Associations between heading and abnormal brain changes were then determined using statistical analyses.
What were the basic results?
The participants reported having played football for an average of 22 years and an average of 10 months during the previous 12 months.
In total, they reported heading a football between 32 and 5,400 times (median 432 times) in the previous 12 months.
The main findings of the research were:
- there were no signs of structural abnormality or bleeds identified among any of the participants
- greater heading exposure was associated with significantly lower fractional anisotropy (FA) at three regions in the brain diffusion tensor imaging – the threshold for the amount of headings and an association depended on the region of the brain the changes were seen in (range of heading thresholds was 885-1,550)
- there was a significant association between heading exposure and memory function, with an association threshold of 1,800 headings per year identified
- there was no association between heading exposure and neurological tests, other than memory
- reported concussions over the participants' lifetime and other demographic details were not significantly associated with either brain matter changes or neurological performance
The researchers say these findings are consistent with findings from another study of people with traumatic brain injury.
How did the researchers interpret the results?
The researchers conclude that heading a football is associated with abnormal changes to the white matter (nerve fibres) of the brain, as well as poorer neurocognitive performance. They say this relationship is not explained by a history of reported concussion.
Discussing the study's findings, lead researcher Dr Michael Lipton said: "Our study provides compelling preliminary evidence that brain changes resembling mild traumatic brain injury are associated with frequently heading a soccer ball [football] over many years."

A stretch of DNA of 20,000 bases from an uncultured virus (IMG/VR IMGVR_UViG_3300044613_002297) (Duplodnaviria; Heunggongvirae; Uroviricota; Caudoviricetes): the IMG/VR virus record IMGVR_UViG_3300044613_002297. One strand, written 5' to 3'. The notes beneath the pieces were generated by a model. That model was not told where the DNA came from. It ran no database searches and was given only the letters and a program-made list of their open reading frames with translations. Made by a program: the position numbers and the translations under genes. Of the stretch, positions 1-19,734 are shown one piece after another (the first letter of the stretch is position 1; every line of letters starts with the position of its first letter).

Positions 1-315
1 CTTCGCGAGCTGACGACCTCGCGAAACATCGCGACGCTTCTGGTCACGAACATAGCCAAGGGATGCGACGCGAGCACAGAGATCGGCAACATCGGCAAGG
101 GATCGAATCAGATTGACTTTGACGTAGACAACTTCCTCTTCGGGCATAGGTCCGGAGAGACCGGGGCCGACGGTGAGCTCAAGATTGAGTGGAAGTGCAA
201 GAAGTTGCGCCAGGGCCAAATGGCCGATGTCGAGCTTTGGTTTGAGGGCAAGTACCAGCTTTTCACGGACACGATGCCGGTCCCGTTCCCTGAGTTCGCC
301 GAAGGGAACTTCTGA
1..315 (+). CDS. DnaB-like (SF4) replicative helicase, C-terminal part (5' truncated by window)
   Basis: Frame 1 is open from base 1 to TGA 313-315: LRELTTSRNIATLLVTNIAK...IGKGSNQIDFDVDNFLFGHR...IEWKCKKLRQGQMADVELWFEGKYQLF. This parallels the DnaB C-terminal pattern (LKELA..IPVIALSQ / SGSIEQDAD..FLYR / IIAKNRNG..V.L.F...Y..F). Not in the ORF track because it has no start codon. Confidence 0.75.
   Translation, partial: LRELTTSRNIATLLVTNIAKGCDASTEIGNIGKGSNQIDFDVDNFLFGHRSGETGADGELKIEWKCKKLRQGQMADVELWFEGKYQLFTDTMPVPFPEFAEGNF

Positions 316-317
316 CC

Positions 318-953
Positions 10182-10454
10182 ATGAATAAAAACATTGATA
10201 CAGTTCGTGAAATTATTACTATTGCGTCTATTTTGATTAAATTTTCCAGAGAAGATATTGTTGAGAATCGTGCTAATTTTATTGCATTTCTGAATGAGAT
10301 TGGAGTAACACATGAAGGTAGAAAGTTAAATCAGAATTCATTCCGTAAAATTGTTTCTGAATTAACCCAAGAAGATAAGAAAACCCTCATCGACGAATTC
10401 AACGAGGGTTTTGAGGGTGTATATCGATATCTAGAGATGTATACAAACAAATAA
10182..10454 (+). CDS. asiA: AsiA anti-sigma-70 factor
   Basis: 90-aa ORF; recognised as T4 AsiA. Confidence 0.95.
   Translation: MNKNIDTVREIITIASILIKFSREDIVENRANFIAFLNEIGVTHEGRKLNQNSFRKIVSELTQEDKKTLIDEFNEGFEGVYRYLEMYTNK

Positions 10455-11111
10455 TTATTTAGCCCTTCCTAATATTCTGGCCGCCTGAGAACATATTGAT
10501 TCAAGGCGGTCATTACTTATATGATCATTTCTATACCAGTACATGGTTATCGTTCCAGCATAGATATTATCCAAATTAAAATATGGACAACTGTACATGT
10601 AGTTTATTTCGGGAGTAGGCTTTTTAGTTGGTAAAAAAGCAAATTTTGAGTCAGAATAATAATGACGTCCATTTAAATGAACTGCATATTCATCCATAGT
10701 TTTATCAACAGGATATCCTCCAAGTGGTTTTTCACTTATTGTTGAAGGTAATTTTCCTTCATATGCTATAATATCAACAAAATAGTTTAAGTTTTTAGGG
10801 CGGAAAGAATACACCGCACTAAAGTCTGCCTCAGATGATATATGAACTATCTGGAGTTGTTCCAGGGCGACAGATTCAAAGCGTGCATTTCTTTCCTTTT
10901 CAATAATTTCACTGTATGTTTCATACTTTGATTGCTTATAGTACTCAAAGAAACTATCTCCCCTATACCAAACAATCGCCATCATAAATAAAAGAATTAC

Overall, this research provides no evidence that there is a direct cause and effect between repeated heading of a football and traumatic brain injury. However, there are several important limitations to this study that are worth noting.
One-off tests and scans of players
The people in the study only had brain images and neurological tests at one point in time, and were asked about heading in the previous year and if they had any concussions in their lifetime.
Without having the imaging and neurological tests prior to the year in question – or preferably in early periods of life, before they started playing football – we don't know whether the current findings represent any new changes.
It could be that the white matter always looked the way it did on imaging, or has done so for a long period of time. As such, the study does not prove that one causes the other – there may have been other factors at play not identified in this research that caused the brain changes seen.
Small study sample size
This was a very small study, with only 37 amateur football players participating. Larger prospective studies involving repeat brain imaging and neurological tests from a much larger number of people from more than one area are needed to draw further associations. It would also be interesting to test professional footballers, who are likely to head the ball more but use a better technique.
Amount of heading was self-reported
Heading was determined by self-reporting, and it is possible participants did not accurately report how often they headed the ball in the previous 12 months. This can make the results less reliable. In the rush and confusion of a football match, are players really going to accurately remember how many times they have headed a ball?
Lack of information on heading
The research did not take into account different types of headers, considering the speed, velocity and site of impact. These are all important factors when looking at the repetitive nature of heading.
Real-world outcomes for players
We don't know whether the observed brain structure and memory test performance actually had a significant impact on the person in terms of their everyday life and functioning.
Overall, it is plausible that repeated minor impacts to the head may be associated with changes to the brain similar to those seen in people with traumatic brain injury. However, on its own this small study does not provide proof that heading a ball directly causes brain injury.
On a more positive note, we know regular exercise (such as playing football) can help lower blood pressure and cholesterol levels, which in turn can reduce the risk of heart disease and stroke. These benefits have to be weighed against any theoretical risk of memory problems caused by frequently heading a ball.